LuxuryEQ is the emotional intelligence quotient of luxury. It advocates awareness, individuality and mindfulness when creating and/or consuming luxury. Slower consumption, intelligent and individualistic investment choices in fashion, and a quest for a better quality of life are at the heart of LuxuryEQ. "EQ" is also common sense - it is the premise that fashion should fit and flatter consumers, working with their busy lifestyles, offering them more individualistic choices and the luxury of good fit.
Fashion is about to descend on Rio — not to shop, but to talk sustainability during the UN conference on Sustainable Development this month.
There is a growing fashion underground attempting to use what is generally regarded as the most self-centered and value-bereft of industries to actually affect the economic and thus political and personal situation of some of the most challenged global communities.
In fashion three examples of anything is a trend (one is a fluke; two a coincidence), and that of all the “ethical” initiatives that get lip service in fashion, be it organic cotton or reducing waste or recycled shopping bags, this one, the one that defines “sustainability” as creating business that can exist on their own and thus give a future to a community, the one about empowering individuals to make their own choices going forward, may, in fact, be the one that actually succeeds in sparking systemic change.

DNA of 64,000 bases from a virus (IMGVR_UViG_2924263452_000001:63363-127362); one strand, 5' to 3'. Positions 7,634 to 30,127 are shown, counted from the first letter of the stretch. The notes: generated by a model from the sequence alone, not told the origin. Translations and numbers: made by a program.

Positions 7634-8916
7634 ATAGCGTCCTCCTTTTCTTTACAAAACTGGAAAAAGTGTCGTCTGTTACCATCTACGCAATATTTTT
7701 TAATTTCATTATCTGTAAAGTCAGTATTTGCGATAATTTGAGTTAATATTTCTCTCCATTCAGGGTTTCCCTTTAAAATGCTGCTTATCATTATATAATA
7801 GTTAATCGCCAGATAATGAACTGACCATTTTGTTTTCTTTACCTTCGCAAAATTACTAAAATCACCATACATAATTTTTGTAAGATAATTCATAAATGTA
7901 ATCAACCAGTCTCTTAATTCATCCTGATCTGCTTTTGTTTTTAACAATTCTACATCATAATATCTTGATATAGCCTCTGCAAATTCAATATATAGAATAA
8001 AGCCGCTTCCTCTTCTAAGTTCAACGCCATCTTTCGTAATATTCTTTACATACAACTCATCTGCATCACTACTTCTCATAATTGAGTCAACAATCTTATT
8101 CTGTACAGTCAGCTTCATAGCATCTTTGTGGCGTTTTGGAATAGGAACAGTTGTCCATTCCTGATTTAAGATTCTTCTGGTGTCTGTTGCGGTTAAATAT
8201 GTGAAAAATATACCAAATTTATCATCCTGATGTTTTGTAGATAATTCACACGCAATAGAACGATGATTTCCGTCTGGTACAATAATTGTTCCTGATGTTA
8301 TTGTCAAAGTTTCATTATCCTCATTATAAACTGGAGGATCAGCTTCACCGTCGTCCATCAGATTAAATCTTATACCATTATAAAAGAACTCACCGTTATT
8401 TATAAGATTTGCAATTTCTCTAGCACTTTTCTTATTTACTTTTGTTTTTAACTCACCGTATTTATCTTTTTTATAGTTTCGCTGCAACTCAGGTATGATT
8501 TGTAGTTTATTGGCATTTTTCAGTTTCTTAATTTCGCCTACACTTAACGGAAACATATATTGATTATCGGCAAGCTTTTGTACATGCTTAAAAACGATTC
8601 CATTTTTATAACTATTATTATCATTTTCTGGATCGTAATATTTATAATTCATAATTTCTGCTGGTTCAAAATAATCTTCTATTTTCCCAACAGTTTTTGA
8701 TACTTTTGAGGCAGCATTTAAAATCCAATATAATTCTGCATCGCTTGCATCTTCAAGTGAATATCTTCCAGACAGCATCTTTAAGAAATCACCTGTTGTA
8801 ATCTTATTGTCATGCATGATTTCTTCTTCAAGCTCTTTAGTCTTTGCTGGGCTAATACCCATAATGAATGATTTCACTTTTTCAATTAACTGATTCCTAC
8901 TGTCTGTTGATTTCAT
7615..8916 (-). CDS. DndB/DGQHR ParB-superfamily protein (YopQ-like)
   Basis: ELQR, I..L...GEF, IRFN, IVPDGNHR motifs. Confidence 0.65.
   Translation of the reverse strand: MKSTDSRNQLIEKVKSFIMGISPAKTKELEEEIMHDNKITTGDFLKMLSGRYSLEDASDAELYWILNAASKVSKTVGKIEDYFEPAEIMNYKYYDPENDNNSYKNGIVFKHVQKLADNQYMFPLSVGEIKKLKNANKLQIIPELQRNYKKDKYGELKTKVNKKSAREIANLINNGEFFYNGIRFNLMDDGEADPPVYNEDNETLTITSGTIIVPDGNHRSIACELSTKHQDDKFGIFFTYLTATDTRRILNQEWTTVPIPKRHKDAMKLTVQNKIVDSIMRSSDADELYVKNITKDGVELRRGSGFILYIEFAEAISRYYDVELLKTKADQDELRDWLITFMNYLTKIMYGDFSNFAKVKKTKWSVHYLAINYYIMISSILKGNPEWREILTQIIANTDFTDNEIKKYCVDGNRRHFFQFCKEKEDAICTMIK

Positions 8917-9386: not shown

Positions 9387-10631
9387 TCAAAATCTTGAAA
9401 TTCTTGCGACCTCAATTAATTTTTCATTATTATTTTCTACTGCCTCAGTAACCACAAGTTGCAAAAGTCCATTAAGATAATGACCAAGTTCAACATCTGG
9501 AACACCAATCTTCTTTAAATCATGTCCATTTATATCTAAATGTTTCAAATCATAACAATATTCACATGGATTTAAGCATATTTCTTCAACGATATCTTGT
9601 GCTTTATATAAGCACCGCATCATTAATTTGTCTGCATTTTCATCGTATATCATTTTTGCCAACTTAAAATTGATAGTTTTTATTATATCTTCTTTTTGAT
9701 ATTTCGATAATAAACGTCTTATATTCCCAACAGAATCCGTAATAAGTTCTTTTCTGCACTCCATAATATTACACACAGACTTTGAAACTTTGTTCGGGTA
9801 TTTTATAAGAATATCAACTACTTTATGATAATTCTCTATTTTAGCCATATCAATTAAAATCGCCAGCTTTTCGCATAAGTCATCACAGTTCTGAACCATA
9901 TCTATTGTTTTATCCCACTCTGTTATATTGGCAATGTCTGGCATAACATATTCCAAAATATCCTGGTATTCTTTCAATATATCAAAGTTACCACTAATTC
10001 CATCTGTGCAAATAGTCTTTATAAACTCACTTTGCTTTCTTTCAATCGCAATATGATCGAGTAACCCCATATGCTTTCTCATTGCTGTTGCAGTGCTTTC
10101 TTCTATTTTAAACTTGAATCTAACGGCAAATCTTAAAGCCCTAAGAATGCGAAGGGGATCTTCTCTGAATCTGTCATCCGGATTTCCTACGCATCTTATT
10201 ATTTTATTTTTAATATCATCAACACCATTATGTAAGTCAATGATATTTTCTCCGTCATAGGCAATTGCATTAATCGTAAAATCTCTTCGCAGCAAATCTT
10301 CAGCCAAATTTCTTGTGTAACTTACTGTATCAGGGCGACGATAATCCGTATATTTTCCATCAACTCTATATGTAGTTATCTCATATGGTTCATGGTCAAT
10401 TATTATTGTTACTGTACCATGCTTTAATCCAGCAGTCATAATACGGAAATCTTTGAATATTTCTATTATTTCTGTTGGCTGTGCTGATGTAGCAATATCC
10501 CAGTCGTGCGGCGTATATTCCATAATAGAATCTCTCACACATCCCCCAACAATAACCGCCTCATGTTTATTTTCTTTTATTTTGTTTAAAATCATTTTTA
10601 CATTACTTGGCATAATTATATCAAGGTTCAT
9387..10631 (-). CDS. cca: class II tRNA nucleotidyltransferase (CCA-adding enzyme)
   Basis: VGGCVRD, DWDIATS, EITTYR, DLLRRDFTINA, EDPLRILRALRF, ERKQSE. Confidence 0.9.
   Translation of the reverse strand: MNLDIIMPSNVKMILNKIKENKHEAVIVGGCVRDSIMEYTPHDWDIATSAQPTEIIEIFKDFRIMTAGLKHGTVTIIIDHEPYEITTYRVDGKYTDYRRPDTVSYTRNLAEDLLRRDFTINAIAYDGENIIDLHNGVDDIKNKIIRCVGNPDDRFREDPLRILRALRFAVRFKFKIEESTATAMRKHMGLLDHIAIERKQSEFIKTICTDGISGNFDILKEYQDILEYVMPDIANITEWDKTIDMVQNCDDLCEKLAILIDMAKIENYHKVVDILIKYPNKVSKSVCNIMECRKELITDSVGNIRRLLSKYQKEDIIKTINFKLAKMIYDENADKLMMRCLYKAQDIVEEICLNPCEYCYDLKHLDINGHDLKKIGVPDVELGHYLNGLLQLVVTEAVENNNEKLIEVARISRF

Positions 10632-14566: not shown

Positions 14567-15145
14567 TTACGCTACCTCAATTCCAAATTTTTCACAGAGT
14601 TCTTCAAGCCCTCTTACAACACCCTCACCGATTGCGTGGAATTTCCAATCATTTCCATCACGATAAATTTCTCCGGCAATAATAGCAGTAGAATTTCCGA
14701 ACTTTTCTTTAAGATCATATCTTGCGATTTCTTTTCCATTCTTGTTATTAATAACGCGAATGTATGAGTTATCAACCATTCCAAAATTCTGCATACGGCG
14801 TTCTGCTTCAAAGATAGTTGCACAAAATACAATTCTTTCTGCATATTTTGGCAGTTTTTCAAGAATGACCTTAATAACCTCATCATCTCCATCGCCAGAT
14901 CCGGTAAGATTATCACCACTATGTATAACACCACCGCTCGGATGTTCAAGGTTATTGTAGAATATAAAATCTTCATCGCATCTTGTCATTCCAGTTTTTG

The Observer Ethical Awards ceremony took place last night recognising the achievements of those making sustainable change from the fields of business and sport to grass roots projects and fashion.
Scooping the fashion and accesories award this year was accessories label Veja. Using organic cotton from ecology initiatives in North Brazil, wild Amazonian rubber and acacia tanned leather, Veja produces trainers and accessories which manage to combine strong ethical principles with creating something beautiful.
Missoni has teamed up with the ethical fashion company Muzungu Sisters and shoe company C.B. Made in Italy for a new collaboration: a loafer made using upcycled Missoni fabric. Missoni has donated three fabrics for the project that would otherwise have been unused and destroyed.
The Muzungu Sisters was founded in 2009 with the aim to provide locally sourced and handcrafted products from around the globe. 10% of the sales from the shoes will benefit the Small Steps Project, a UK-based charity dedicated to improving the lives of children living on municipal landfills across the globe.